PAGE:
Sunday, February 10, 2013

On consumer rationality

I have two hobbies involving control at high speed - driving and skiing. I'm currently in the market for new equipment for both, and it's a little odd how I approach this decision in each realm.
I'd say, in the grand scheme of things, I'm a better competitive driver than I am a skier. I can manage to get into the daily top 10 at some karting venues, am within striking distance of a weekly top 10 spot, and have done okay in classes where my car was in line with my competition (meaning not the past three years).
For skiing, I'm probably intermediate at best. I've gotten down all the local black runs I've tried, with varying amounts of turns vs. just sliding straight down on the edges of my skis when things get a bit too steep or tight. It was likely one of those steep, tight spots that led to me cracking a ski last Sunday.
With my work schedule, getting replacement skis in time for Moira's class today was going to be rough. Without my father-in-law and his connections, it wouldn't have happened. They came up with a perfectly reasonable pair of used slots that worked great today that I should be content with, but I'm left wondering, if things have progressed this far with ski equipment, is there something even better that I'm missing out on?
Contrast that with my next car purchase. I've bought six sports cars in my life so far, and have a deposit down on the next one (seeing aside the debate over what makes for a true sports car versus a GT car versus I don't know what else). I did not test drive any of those. For two of them, I had a decent idea of what I was getting, but the rest, they weren't terribly well-formed decisions. For skis, where I have less experience, I'm trusting that experience far more to guide me, where in the realm I have more skill, it's a crap shoot. I suppose I am putting more constraints on the car purchase than the ski purchase - I don't expect the skis to have rear seats, nor am I restricting myself to a particular brand largely due to accidental historical reasons.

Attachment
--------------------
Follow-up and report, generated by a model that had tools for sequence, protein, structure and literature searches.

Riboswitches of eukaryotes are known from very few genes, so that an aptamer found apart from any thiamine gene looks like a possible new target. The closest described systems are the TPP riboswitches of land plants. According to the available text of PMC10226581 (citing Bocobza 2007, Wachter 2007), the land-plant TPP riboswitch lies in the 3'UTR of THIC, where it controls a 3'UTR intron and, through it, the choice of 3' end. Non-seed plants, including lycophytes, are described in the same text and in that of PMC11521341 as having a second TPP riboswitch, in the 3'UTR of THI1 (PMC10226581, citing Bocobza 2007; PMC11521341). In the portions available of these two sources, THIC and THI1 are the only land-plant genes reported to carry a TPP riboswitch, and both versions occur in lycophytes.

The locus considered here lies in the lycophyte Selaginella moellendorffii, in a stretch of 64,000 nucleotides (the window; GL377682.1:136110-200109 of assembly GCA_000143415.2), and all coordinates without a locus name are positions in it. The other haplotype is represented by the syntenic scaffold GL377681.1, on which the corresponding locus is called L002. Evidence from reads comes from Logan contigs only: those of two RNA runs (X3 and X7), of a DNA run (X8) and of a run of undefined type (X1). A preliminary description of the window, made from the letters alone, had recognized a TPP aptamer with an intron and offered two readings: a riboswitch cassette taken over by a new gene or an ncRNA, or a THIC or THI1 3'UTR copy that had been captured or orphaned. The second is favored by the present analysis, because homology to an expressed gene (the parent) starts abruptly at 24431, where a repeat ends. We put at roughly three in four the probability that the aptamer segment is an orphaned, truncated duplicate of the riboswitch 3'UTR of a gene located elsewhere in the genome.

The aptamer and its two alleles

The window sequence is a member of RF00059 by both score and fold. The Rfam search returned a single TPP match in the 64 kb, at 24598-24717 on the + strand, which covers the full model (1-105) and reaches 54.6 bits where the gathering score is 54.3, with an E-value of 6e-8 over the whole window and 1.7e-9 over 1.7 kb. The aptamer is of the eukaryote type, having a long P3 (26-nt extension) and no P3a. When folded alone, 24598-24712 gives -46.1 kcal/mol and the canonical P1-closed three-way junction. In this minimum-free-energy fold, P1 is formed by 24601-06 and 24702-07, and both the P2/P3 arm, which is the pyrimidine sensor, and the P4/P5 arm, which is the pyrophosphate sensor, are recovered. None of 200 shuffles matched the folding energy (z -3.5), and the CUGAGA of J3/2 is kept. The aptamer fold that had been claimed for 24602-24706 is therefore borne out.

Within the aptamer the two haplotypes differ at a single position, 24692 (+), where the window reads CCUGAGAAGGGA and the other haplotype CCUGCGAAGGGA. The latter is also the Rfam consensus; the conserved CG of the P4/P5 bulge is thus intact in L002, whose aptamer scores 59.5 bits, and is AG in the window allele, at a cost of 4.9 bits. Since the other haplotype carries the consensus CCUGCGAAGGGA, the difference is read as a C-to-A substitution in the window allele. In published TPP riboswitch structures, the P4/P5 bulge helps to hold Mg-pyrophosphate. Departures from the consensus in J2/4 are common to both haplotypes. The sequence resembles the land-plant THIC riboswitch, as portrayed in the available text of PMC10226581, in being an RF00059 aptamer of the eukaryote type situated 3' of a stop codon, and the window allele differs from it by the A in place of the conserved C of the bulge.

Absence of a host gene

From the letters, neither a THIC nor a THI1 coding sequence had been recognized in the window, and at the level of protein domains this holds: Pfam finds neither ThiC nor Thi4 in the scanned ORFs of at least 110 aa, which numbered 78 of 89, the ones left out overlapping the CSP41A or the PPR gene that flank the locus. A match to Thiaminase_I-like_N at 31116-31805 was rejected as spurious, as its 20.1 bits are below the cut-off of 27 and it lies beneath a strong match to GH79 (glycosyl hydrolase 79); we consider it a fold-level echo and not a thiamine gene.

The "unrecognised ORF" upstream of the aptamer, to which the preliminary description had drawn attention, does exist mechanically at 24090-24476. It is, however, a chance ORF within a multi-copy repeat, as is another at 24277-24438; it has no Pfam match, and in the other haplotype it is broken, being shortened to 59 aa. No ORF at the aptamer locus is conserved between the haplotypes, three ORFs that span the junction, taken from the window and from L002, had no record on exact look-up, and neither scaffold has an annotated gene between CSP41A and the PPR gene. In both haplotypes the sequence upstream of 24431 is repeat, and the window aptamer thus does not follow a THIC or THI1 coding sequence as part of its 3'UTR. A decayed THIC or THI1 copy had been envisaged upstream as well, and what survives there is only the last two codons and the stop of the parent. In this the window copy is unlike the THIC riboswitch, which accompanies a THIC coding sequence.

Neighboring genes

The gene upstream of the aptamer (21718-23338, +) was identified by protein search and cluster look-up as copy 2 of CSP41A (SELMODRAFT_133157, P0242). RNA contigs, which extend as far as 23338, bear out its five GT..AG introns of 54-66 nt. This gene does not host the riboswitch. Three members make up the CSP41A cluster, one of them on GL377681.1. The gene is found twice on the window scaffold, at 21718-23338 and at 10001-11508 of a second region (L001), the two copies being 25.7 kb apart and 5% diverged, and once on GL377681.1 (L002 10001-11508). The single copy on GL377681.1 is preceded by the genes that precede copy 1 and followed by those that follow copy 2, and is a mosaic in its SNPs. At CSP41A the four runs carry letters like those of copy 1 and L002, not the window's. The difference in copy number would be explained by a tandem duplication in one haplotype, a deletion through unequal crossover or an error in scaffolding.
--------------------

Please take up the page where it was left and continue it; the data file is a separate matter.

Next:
I've actually only driven four different 911s (although one of those changed dramatically over the course of time), one 944, two S2000s, one MR2, and one WRX STI. I can't say I spent enough time in anything other than the 911s to have strong opinions on how they handle, so that really limits my practical experience. As a rational consumer, I should probably be evaluating a GT-R, which also has rear seats for the kids. Plus, now that the tow vehicle is separate from Shannon's day-to-day car, I could look at things that lack rear seats, meaning that a Cayman R could work (or a Farnbacher Loles Cayman GTR if I could find one somewhere). Looking at the used market, a used F430 would also be an option. Mercedes, BMW, Audi, Aston Martin and Lotus all have offerings that could be interesting. The new Corvette and Viper would also be in the running. I doubt I'd be able to test any of these at an appropriate venue to really compare it to what I know already, so I suspect that won't happen. Maybe that's the difference - I'm forced to rely on the opinion of others to make this decision, and I'm not sure who I can really trust in that department. Jeremy Clarkson is right out, and it's hard to know how much weight to give any other reviewer, since I haven't seen them drive.

I suspect the answer will be the path of least resistance - stick with what I'm familiar with, which will let me again be that jerk who buys his way to the front of the field. It feels akin to "no one ever got fired for buying microsoft / cisco / ibm", and at least I feel better about Porsche than I do about any of those, even with the existence of the Cayenne, Panamera or the backfired VW acquisition. I suppose I have at least a year to change my mind if I can figure out a good way to make a rational decision that doesn't involve three days and thousands of dollars per car.

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